Movie Marathon: Arnold Schwarzenegger Films
Nothing quite says summertime to me like the “action blockbuster.” And, as a child of the late 1980s / early 1990s, there are very few actors who I more associate with big blockbuster type movies than Arnold Schwarzenegger. So…in keeping with the season and in honor of his long and storied action-star career, I thought that I’d go back and (re)watch Schwarzenegger films, ranking them from worst-to-best in my opinion. Enjoy!
NOTE: The following films are ranked (from worst-to-first) based on the quality of the film — not necessarily on the quality of Schwarzenegger’s performance in said film, although the two criteria are often connected. Also…this post doesn’t include every Schwarzenegger film — particularly those films where he does little more than cameo (e.g. The Expendables franchise or Around the World in 80 Days). I also couldn’t find a copy of 1986’s Raw Deal; however, other than that, I think that all of his other substantial roles are included here.
The Rankings (Worst to First)
The You-Can-Probably-Skip-This Movies
31. Collateral Damage (2002) – directed by Andrew Davis
Character: Gordy Brewer
When reading about Arnold’s filmography, Collateral Damage is often in the conversation for “worst Arnold Schwarzenegger film,” and yeah…I have to agree. Arnold’s performance is only average here, though he’s definitely not the film’s biggest problem. The script — which features a truly absurd twist — is really bad, and the filmmaking is more on the made-for-TV level than what you expect. If you feel bad for missing this one, don’t.
30. Red Sonja (1985) – directed by Richard Fleischer
Brigitte Nielsen gets a lot of flak here. Some of that’s well-deserved — her performance here is very stilted — but I think it’s a little unfair to heap all the criticism upon a first-time actor thrown into the main role. Arnold is essentially Conan, and his moments in the film are noticeably better than his counterparts. One small positive is a young Ernie Reyes Jr., who would later appear in numerous martial-arts roles. Apparently, Arnold himself counts this as his worst film, and I don’t think he’s too far off.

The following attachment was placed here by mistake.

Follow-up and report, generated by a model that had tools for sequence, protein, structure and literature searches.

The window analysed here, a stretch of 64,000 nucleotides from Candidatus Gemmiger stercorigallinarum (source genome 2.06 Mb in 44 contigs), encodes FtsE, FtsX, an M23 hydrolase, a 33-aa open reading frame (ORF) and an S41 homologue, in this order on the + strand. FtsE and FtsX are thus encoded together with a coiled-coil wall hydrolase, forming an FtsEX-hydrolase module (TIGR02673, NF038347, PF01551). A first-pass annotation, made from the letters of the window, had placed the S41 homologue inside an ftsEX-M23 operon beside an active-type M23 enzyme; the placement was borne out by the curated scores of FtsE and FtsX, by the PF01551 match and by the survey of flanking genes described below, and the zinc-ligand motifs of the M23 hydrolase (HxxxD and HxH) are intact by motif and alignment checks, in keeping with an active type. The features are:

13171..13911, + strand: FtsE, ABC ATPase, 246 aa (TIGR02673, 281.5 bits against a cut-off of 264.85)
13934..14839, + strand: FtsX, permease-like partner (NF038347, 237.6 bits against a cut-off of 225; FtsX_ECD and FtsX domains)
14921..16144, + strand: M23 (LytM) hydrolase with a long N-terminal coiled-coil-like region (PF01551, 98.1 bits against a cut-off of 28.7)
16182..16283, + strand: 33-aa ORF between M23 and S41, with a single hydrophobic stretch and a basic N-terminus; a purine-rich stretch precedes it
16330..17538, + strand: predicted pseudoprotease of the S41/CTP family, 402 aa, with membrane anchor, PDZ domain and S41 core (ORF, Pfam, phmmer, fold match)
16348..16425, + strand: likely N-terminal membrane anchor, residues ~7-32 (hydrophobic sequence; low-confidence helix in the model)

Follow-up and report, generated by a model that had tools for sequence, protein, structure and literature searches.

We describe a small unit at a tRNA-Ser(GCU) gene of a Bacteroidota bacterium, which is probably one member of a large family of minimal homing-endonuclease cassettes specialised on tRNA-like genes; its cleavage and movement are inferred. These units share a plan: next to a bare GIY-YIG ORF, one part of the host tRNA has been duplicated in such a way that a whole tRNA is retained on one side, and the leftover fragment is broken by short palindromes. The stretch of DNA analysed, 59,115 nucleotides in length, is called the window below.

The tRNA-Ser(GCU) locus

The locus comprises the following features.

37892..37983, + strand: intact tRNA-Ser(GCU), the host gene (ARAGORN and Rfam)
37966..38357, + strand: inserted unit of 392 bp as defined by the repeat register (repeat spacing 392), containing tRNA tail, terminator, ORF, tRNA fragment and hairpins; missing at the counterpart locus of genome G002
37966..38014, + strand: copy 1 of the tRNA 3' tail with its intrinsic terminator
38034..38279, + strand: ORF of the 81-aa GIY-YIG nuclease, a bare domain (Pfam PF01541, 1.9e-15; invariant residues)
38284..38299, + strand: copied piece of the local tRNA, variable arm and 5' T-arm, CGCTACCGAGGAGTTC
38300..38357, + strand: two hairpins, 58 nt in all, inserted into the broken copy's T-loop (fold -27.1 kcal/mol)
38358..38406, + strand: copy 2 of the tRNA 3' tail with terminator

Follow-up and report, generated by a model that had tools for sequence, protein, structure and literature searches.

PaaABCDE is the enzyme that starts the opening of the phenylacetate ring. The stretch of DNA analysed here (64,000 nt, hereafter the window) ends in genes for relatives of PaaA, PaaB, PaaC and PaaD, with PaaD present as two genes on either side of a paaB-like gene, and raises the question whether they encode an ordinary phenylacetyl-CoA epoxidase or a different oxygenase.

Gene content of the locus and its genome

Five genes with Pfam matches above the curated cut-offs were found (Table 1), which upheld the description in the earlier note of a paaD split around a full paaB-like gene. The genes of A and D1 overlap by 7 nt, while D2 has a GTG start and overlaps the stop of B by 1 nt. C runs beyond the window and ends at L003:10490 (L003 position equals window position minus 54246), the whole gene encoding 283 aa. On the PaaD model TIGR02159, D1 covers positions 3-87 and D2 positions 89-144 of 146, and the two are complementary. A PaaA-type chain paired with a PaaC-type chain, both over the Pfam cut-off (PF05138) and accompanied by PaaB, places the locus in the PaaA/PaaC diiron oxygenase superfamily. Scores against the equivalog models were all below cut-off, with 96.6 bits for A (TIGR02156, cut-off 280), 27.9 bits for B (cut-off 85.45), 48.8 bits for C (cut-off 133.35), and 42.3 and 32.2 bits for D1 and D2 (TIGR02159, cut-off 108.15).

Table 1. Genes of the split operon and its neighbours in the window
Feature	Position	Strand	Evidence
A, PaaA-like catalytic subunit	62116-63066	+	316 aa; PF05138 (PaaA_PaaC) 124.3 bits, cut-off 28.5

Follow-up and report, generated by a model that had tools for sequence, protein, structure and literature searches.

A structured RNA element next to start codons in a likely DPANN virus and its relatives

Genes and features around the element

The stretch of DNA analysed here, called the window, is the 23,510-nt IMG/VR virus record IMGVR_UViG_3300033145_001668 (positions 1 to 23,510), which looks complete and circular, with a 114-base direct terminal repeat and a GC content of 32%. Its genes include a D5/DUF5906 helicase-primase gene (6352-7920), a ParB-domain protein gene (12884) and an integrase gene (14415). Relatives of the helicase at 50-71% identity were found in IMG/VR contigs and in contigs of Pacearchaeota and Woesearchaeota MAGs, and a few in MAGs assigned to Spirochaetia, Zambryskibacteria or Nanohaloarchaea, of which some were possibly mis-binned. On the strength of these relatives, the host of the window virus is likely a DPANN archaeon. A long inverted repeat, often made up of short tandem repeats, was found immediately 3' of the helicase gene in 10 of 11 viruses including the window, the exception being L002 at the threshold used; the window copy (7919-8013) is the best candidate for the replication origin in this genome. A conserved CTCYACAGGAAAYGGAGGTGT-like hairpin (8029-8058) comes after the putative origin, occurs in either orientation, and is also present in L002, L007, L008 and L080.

29. Killing Gunther (2017) – directed by Taran Killam
The mockumentary structure of this film feels several years too late to be effective, and it’s not helped by a poor script and uninspired directing by former SNLer Taran Killam. Ultimately, the premise of a group of hitmen trying to kill another hitman isn’t the worst premise in the world, though things feel a little “intro-level fiction workshoppy” here. Of minor note is that this is one of the few movies where Arnold plays the villain, but this doesn’t feel like quite the right fit — though there’s some potential in the idea of a hitman who’d rather be a community gardener. Overall, Killing Gunther is a pretty lifeless effort.
28. The 6th Day (2000) – directed by Roger Spottiswoode
Character: Adam Gibson & Adam Gibson Clone
I actually didn’t hate The 6th Day, which isn’t to say that it’s a “good” film (because it’s not a good film), but there’s a certain amount of enjoyment — despite all its considerable flaws. The special-effects and filmmaking are pretty bad, and none of the characters are very memorable. That said, I could almost imagine this movie working, if it was made a decade earlier. But that’s a pretty big hurdle to overcome.
27. Red Heat (1988) – directed by Walter Hill
Character: Ivan Danko
I was a little surprised that this one ranked so low on the list, considering it was directed by Walter Hill, who’s made some good movies in his time. This is your classic “fish-out-of-water” idea with some “buddy-cop” elements and an “East-meets-West” vibe thrown in. I’ve never been a fan of Jim Belushi’s acting, and he’s one of the main characters here — so…that tells you about all you need to know. Arnold plays a Soviet police officer. *shrug*
26. Terminator Genisys (2015) – directed by Alan Taylor
Character: Guardian / “Pops” (Terminator)
The first time that I watched Terminator Genisys, I thought it was easily the worst (thus far) of the Terminator franchise. Re-watching it for this Arnold retrospective, yeah…it’s still the worst of the franchise. I actually don’t think it’s quite as terrible as some of the reviews or its reputation suggests, but it’s definitely not a good film and further pulls down a franchise that should’ve stayed done with the second installment.
25. Twins (1988) – directed by Ivan Reitman
Character: Julius Benedict
I know that there are people who grew up watching Twins and who love it. I’m decidedly not one of those people. While I like both Arnold’s and Danny DeVito’s performances, this feels like an 3-minute SNL sketch-comedy thing stretched (way) beyond effectiveness. Basically, a feature-length sight gag.
The “What Is This?” Movie (Part 1)
24. Batman & Robin (1997) – directed by Joel Schumacher
Character: Dr. Victor Fries / Mr. Freeze
Batman & Robin was easily the most difficult film to evaluate for this entire retrospective. Is this a film that’s really trying to be superhero film or is the whole exercise high-camp? I honestly don’t know. Arnold’s performance is (in)famously absurd as Mr. Freeze — as everyone knows by now, the script seems determined to give him as many ice-related puns as conceivable in the English language. This is either the kind of film that’s too smart for me to evaluate correctly or far too dumb for analysis. I don’t know what to do with it, so I’m just going to put it here.
The OK-But-Probably-Only-Once Movies
23. Aftermath (2017) – directed by Elliott Lester
I believe that Aftermath is the most recent film in Arnold’s filmography. Not a terrible film but also not a very memorable one. I like that Arnold gets to play an older character here — one with potentially more emotional nuance. Sadly, the script makes some poor choices and whatever potential might’ve been for emotional complexity goes out the window in the film’s final act.
22. End of Days (1999) – directed by Peter Hyams